1. That’s awesome. I haven’t read “Maximum Ride” yet. Would you recommend it? I just read the City of Ember graphic adaptation and didn’t like it nearly as much as the novel. I’d love to know what favorites you had in your class this year.

  3. Hi Anne-Marie,
    Thank you for your insights and research into graphic novels as reading materials for our struggling readers. I am excited to check out some of the selections you mentioned. I also want to recommend the “Bad Kitty” books. My 1st through 3rd graders love the series, and I enjoy the humor as well!

    1. Lynne — The “Bad Kitty” books are fabulous. What a wonderful suggestion. I’ve had it sitting on my bookshelf; I’m going to have to put it out in the waiting room where students can see it.

  4. I agree with this post. I have a daughter who is dyslexia and a reluctant reader. She brought the book Sisters by Raina Telegemeier from the book fair. I asked her why that one and she said because it has pictures and not many words. Come to find out it did have many words and its 197 pages long. She did not mind because she read it in 2 days. I think graphic novels are great because now I have a daughter who loves to read.

    1. Gail, thank you so much for sharing your daughter’s story. I’ve got to go check out Sisters. Are there any other graphic novels she’s really liked?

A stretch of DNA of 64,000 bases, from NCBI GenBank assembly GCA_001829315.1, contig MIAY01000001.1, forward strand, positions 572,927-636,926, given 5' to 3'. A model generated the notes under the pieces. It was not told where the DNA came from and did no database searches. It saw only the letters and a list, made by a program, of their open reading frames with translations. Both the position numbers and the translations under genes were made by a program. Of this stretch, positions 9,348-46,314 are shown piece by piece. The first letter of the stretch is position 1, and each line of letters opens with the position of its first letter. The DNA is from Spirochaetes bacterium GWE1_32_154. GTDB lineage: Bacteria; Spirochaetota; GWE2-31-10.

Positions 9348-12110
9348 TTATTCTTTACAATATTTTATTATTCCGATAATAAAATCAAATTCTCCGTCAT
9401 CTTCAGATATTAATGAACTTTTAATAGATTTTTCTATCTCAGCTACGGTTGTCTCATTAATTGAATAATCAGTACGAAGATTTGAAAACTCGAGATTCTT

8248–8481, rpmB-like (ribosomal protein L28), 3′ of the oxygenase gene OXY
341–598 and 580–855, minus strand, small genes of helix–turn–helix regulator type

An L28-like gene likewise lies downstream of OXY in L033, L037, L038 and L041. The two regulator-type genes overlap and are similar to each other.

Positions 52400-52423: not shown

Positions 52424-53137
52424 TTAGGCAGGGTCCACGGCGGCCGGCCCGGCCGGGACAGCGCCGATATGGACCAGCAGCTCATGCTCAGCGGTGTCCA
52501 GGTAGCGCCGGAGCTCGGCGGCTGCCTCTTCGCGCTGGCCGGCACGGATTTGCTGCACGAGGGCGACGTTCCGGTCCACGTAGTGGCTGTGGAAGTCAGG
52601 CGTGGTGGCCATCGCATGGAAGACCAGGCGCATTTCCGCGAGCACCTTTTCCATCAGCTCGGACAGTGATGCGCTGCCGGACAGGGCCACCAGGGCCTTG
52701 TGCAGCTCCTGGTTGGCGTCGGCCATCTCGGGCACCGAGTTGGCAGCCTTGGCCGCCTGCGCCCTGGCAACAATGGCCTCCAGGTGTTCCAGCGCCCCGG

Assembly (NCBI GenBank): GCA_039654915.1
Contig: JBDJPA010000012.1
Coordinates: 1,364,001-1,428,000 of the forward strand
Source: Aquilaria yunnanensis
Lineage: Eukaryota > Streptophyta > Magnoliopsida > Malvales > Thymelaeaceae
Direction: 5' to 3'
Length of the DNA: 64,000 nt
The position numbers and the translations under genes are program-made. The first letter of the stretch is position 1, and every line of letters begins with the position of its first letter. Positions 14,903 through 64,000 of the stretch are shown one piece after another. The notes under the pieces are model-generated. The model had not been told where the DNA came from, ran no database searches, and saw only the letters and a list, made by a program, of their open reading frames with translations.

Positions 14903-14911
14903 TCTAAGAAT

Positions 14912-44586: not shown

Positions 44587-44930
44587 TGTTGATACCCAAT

5. As someone who has provided education support to several lads in Years 3 and 4, whose literacy levels were at Years 1 to 2, I feel strongly that graphic novels would have helped had I had the opportunity to use them. The boys became easily frustrated with the books they were required to read which they found “babyish”, because, of course, no one else in their class was reading them. These lads were well into computer gaming…with its exciting visuals and pacing. When they tried reading peer level books, they became embarrassed and were unable to comprehend what was happening because their focus was on the strain of reading each word. Graphic novels, with their visuals and less intrusive text would have been a big help (and hit?). I am about to do a short course in graphic novels in hopes of pursuing this in an educational context.

    1. Bev, I found myself nodding along as I read your comment. It’s a great story about your students in Years 3 and 4. Your course in graphic novels sounds fascinating too.